Fireplaces add coziness, warmth, and value to your home. You likely enjoy this feature of your home in the colder months and know you should have an annual chimney sweeping and inspection at least once a year, preferably before lighting your first fire of the season.
But you should clean the fireplace itself more frequently, usually once a week, for optimal safety and appearances in your home. Consult with your local chimney expert to ensure you are completing this task properly.
Different types of fireplaces will require their own cleaning processes. For a wood-burning fireplace, read on to find three steps you will need to take when you clean this fixture.
Instructions to Clean Your Wood-Burning Fireplace
Sweep Lingering Ash and Soot
When it is time to clean your wood-burning fireplace, use an old sheet or trash bag to cover the surrounding area to ensure you do not track soot or debris into the rest of your home. You should remove any grates or other attachments so that you can access the entire interior of the fireplace.
Scoop out ashes or partial pieces of wood that remain in the fireplace after usage using a shovel. To ensure all embers have burned out, you should start this cleaning process 24 hours after you last used it.
Place this debris into a trash can. Then you should use a small brush to gently sweep any remaining dust and ashes inside and outside the fireplace.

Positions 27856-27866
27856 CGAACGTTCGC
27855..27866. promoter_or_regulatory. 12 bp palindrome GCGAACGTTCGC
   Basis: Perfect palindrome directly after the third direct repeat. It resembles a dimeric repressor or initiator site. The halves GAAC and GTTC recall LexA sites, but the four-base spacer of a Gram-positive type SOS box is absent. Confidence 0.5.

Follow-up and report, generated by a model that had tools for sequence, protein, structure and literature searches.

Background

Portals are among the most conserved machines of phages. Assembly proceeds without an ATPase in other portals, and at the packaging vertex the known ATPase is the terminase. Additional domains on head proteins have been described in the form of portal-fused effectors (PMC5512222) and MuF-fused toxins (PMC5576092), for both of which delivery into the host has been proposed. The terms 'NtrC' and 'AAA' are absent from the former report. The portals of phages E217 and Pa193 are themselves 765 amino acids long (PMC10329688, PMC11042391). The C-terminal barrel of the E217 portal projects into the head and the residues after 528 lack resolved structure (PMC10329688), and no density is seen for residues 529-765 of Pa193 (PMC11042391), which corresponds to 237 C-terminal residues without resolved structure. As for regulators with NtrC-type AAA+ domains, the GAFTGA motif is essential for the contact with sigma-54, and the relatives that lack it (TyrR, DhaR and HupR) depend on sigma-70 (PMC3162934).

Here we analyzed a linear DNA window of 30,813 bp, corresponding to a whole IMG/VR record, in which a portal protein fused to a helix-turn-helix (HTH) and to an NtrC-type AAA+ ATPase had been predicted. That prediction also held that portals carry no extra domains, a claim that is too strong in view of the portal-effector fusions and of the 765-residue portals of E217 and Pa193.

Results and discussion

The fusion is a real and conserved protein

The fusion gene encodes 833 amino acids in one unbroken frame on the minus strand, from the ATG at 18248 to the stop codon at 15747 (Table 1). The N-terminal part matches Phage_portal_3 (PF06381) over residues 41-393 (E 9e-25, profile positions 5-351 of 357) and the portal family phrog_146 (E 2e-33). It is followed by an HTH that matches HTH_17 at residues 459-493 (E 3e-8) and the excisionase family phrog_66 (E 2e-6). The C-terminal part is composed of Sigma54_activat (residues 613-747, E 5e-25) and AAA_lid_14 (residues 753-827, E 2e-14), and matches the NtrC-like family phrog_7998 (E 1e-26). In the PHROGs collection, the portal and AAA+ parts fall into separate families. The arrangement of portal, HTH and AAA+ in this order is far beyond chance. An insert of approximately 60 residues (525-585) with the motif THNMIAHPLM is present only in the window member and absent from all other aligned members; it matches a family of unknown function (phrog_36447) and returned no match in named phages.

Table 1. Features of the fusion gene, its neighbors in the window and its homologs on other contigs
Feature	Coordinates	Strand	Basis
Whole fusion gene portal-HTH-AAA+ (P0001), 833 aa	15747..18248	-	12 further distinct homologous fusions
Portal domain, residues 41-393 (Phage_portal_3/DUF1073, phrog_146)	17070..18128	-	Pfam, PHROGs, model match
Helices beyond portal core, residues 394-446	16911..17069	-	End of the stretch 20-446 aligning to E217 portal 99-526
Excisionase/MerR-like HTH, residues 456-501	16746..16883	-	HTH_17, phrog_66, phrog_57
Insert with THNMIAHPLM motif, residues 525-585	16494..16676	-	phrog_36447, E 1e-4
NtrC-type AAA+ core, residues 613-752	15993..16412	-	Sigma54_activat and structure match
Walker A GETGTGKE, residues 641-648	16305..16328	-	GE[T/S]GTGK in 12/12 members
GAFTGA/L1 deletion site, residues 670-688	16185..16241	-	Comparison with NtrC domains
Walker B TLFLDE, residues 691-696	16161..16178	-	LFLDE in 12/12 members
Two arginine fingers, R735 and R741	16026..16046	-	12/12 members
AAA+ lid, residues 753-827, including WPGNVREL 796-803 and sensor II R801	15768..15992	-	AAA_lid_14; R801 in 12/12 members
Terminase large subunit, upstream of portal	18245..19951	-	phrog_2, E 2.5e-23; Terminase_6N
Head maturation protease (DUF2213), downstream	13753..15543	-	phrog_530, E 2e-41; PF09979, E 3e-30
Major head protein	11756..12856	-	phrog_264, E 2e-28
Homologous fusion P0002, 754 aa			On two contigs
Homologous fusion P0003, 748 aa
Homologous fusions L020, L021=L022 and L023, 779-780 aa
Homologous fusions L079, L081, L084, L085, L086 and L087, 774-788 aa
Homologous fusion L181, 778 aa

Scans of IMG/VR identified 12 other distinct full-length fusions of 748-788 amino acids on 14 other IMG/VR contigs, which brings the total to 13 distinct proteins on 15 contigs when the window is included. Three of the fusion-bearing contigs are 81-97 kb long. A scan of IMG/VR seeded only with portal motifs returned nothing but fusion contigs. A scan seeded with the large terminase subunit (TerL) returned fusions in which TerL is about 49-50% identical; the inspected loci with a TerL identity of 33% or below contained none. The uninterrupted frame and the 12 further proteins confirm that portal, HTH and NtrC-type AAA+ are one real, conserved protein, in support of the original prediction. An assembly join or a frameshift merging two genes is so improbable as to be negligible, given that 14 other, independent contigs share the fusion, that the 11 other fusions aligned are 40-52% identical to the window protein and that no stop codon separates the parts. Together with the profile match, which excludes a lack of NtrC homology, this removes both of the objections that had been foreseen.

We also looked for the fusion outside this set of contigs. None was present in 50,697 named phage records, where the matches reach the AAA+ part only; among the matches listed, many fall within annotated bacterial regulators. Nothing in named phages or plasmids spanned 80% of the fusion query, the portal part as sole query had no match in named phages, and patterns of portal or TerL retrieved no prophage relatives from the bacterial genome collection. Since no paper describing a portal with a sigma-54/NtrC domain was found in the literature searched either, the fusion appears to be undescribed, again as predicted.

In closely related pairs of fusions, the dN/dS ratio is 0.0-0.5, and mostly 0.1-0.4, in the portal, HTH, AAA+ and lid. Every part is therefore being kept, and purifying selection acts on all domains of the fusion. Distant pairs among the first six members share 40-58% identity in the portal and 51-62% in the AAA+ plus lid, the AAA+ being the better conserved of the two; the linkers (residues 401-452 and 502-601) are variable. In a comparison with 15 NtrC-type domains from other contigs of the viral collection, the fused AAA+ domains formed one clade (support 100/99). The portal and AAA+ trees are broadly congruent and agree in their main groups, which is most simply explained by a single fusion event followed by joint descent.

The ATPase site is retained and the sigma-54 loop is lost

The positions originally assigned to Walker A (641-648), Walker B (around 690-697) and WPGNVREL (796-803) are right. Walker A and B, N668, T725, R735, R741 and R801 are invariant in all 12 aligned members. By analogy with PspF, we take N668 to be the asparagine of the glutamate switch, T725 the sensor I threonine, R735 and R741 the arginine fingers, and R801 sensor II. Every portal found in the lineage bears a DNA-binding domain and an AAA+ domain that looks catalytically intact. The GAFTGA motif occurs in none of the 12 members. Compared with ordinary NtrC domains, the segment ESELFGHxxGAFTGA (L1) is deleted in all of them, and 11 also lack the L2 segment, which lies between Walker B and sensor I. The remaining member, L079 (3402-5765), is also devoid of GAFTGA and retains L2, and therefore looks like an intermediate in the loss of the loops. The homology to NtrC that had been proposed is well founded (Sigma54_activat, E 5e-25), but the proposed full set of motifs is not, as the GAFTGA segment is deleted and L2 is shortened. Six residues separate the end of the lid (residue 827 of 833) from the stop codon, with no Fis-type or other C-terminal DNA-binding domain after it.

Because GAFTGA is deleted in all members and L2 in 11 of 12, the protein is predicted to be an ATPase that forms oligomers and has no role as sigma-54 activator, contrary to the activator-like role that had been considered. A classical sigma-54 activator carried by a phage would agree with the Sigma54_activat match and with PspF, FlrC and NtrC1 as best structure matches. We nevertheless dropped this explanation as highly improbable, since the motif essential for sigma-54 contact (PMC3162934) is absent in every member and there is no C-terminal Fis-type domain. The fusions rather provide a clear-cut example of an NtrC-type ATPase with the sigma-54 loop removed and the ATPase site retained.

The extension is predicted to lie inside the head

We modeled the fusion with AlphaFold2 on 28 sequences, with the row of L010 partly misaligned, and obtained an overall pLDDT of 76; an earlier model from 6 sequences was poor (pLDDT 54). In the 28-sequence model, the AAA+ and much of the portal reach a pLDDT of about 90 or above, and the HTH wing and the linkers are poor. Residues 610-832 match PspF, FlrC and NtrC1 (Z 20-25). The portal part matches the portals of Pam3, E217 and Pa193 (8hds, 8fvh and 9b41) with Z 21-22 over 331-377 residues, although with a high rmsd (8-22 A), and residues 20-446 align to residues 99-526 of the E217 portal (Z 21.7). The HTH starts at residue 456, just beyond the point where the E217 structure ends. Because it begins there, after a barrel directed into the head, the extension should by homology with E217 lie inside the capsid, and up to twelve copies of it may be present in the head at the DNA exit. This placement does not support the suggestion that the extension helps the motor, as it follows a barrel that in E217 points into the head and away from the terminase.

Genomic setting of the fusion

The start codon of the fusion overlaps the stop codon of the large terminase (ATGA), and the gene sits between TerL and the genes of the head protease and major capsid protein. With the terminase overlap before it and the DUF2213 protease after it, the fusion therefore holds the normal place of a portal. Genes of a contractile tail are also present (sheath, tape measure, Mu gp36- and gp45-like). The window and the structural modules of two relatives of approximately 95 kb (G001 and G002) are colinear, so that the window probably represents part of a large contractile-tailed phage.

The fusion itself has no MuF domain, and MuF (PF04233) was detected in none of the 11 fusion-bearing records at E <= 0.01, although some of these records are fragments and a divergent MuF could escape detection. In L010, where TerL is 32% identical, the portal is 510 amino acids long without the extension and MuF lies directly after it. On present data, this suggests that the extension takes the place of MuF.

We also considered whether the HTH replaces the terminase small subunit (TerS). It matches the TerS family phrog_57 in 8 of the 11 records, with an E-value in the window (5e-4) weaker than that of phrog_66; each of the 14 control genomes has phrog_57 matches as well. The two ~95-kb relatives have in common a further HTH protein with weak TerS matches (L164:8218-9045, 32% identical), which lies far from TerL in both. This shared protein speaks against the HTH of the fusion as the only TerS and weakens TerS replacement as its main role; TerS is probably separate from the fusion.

Scrub the Interior of the Fireplace
With the loose debris swept away, you can clean grime and creosote build-up from the fireplace next. You should spray a specialized fireplace cleaning solution around the area.
Then use a bristled brush to scrub the fireplace, preferably working from the top to the bottom for best results. Scrub the outside of your fireplace as well. For stubborn stains within the fixture, you may need a more targeted cleanser or a pumice stone.
Clean Fireplace Attachments
The attachments for your fireplace will need cleaning as well during this process. If your fireplace has a glass door, you can use glass cleaner and paper towels to get this looking pristine.
The andirons, tools, and grate of your fireplace will also require cleaning. Dish soap and water can remove creosote and stains from these attachments effectively. Some people will also use metal polish for a beautiful finish on these items.
You should let these items and the rest of your fireplace dry for 24 hours before reattaching these fixtures and using the fireplace again. Though deep cleaning a fireplace will only need to be done once or twice a year, you should sweep and tidy the area weekly with regular usage.
Do not forget that your flue will also need routine cleaning each year. You should trust this sweeping process to professionals who can also spot potential structural problems in your chimney. Call your local chimney sweeps today for an estimate at no cost to you.